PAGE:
Germany’s African swine fever (ASF) is currently limited to wild boar two hotspot areas, with no cases found yet in domestic pigs.
So far 20 cases have been confirmed in wild boar in two districts in Brandenburg, Spree-Neisse, where the original case confirmed on September 10 was found, and near the town of Neuzelle in the OderSpree, about 7.5 km away.
That represents a further seven cases confirmed by Germany’s Friedrich-Loeffler Institute. The number is certain to grow as intensive surveillance continues for dead wild boar and further samples are currently being tested by FLI.
A meeting of the Central Crisis Team set up to coordinate the response to the outbreak was held yesterday (September 22) in Potsdam, under the direction of the State Secretary in the Federal Ministry of Food and Agriculture (BMEL), Beate Kasch.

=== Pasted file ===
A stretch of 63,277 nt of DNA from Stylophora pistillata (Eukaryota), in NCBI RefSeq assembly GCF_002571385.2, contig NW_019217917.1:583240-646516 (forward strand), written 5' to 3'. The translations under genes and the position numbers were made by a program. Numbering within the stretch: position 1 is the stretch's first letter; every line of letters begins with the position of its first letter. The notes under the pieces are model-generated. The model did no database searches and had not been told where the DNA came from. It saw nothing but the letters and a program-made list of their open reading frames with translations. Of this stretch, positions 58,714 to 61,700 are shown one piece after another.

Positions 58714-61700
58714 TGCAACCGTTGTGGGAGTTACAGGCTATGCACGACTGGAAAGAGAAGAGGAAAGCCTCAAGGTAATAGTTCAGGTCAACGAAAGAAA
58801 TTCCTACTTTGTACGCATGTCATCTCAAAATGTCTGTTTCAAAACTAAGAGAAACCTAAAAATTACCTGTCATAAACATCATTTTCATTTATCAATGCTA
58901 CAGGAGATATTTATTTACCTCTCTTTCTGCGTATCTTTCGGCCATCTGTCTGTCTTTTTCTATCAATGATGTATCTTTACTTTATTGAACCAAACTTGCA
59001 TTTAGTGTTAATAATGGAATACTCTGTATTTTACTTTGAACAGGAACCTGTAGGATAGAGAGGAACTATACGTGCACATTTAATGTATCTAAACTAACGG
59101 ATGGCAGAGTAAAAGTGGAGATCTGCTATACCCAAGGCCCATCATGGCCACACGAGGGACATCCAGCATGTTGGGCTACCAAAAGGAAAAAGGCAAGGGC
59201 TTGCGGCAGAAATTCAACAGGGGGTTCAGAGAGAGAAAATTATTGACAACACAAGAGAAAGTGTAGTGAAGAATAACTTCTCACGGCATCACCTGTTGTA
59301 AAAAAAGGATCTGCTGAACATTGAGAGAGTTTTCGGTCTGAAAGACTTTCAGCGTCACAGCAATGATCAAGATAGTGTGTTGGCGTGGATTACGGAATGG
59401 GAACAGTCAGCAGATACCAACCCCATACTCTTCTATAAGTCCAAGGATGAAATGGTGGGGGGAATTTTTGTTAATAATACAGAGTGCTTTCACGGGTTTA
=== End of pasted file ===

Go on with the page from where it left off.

It will be the job of the Brandenburg State Crisis Center to coordinate the process in a ‘coordinated and uniform’ manner, she explained, according to German pig industry organisation ISN.
“To this end, comprehensive checklists, procedural instructions and action plans have been drawn up over the past few years as part of the joint federal-state task force on animal disease control,” ISN said. “With the findings of the experts on site, it is now important to analyse the virus spread in the wild boar population and to continue protecting the domestic pig population.”
Meanwhile, new outbreaks continue to be discovered in Poland, including a farm affected with 34 animals in the south of the Mazovian Voivodeship, a cause for concern as there had not previously been an outbreak in this region, according to ISN.
This means ASF has now been confirmed in around 90 pig farms since the beginning of the year, resulting in around 53,000 domestic pigs being culled.
This compares with only 48 confirmed farms and around 35,000 animals culled during the whole of 2019.